After more than three years of global market turmoil, political upheaval and nail-biting summits, European leaders are declaring that the worst of the continent’s debt crisis is behind them.
In New Year’s speeches and congratulatory comments, leaders across the region are crediting fresh rounds of painful austerity, a hard-fought new role for the European Central Bank and steps toward deeper integration with achieving a breakthrough.
Borrowing costs for troubled nations, they note, have come down steadily from last year’s dangerously high levels, pulling a string of countries back from the brink of imminent financial collapse and defying naysayers who predicted a quick breakup of the euro zone last year.
Yet any suggestion of victory in Europe may be viewed as the economic equivalent of President George W. Bush’s “Mission Accomplished” speech on Iraq aboard the USS Abraham Lincoln in 2003. Though market panic is subsiding, the region appears to be simply trading a crisis of financial markets for one rooted in its ailing economies.
Confronting the reality of deep budget cuts, higher taxes and piles of debt that have hindered any prospect of recovery, Italy, Spain and Greece are battling what economists predict will be yet another year of brutal recession. Spain, in fact, may face a downturn even worse than the one seen in 2012, with its still-troubled regions and banks potentially prompting a bid for fresh bailout assistance. Even mighty Germany and France, the anchors of the 17-nation euro zone, potentially face weaker growth or stagnation this year.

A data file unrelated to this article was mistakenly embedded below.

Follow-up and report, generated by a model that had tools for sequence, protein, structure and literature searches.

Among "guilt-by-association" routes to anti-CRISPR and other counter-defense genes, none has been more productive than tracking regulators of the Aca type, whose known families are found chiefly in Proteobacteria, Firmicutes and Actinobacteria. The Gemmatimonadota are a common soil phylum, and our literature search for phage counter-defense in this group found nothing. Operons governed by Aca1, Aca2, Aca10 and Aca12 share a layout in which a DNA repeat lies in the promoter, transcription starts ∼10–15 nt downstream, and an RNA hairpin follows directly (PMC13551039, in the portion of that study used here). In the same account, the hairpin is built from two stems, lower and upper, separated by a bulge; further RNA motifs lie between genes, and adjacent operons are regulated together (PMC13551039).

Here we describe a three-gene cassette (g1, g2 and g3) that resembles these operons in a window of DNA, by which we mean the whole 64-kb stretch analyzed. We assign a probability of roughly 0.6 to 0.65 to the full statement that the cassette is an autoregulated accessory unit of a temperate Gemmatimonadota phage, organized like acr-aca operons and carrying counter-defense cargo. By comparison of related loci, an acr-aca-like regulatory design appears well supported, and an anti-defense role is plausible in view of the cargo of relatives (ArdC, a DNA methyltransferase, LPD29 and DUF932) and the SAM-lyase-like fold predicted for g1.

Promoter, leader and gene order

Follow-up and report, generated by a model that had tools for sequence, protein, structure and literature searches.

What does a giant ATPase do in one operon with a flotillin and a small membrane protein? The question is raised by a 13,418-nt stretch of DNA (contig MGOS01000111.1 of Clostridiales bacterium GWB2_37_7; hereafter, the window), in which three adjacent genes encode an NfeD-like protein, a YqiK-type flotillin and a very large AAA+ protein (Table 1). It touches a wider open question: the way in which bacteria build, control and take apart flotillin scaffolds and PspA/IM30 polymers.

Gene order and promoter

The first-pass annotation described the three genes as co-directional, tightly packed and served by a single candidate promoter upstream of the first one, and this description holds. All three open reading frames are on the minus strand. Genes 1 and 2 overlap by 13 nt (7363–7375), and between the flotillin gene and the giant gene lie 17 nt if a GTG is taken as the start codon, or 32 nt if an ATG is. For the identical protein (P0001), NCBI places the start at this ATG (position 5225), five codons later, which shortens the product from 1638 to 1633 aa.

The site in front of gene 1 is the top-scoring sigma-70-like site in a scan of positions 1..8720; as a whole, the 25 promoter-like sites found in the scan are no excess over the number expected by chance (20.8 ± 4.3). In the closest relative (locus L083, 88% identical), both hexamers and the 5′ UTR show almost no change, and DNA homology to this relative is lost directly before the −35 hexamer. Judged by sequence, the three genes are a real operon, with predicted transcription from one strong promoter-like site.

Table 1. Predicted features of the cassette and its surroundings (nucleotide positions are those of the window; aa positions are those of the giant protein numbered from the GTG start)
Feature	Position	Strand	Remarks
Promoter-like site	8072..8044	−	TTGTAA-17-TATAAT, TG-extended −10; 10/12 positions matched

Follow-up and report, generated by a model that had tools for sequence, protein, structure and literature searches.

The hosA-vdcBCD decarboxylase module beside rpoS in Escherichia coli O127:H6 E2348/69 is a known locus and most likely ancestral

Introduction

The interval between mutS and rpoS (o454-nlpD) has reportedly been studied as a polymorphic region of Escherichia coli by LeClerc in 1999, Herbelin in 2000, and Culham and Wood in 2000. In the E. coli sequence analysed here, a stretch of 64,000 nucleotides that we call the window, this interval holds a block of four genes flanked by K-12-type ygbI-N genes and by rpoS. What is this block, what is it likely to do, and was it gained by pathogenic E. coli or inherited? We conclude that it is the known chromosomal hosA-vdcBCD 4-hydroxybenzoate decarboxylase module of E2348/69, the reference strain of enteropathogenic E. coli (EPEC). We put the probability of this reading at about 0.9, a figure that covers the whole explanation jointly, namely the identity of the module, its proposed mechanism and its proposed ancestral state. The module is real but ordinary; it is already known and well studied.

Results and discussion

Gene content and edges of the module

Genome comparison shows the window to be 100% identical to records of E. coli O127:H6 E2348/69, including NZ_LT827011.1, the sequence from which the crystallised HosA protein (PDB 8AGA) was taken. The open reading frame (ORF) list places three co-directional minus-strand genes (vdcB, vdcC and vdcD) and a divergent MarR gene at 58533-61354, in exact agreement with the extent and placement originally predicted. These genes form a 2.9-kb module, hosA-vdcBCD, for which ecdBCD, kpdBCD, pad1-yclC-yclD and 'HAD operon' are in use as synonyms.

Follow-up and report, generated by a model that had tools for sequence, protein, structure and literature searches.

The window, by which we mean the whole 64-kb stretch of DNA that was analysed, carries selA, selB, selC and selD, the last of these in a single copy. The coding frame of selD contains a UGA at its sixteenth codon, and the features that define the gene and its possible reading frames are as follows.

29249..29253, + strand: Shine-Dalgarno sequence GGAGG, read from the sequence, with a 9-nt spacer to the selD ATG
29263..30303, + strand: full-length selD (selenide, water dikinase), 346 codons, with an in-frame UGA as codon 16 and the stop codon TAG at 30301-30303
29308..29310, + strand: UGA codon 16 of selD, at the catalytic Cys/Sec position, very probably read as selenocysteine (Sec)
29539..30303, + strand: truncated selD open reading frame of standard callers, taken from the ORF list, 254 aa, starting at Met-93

Economists say those issues are set to once again make Europe the biggest drag on the fragile global economy, dampening, for instance, demand for U.S. exports in the world’s single-largest trading bloc and home to 500 million consumers.
Europe is in a similar position as the United States, which avoided its own “fiscal cliff” last week but must confront larger questions of how to stimulate growth and bring down unemployment — unchanged at 7.8 percent in December, according to data released Friday — while addressing the longer-term peril from high levels of national debt.
Analysts are also closely watching a string of triggers that could quickly reignite a market panic, including Greece’s implementation of reforms this year and the deepening social crisis in Spain.
Indeed, rather than getting to the roots of Europe’s debt problems, the region’s politicians have largely put off a day of reckoning, economists say. Some argue, for example, that the biggest basket case in Europe — near-bankrupt Greece — could be forced out of the currency union by mid-2014, if not earlier.
“A couple of things have happened that have taken away the immediate big breakup risk of the euro,” said Juergen Michels, senior economist at Citibank in London. “But the underlying problems and the huge debt in Europe are not yet solved. This crisis is not over. We see further problems ahead.”
The financial woes that started in Greece in October 2009 engulfed one heavily indebted European country after another, roiling global markets, worsening social conditions in hard-hit nations and prompting a voter backlash that saw leaders swept out of office in Ireland, Spain, France and Greece, among other nations.
To be sure, there are signs of fiscal improvement. Excluding the massive interest payments on their debts, both Italy and Greece are posting budget surpluses after gutting spending and raising taxes, and Spain saw a surprise improvement in December unemployment, though the jobless rate remains at about 25 percent.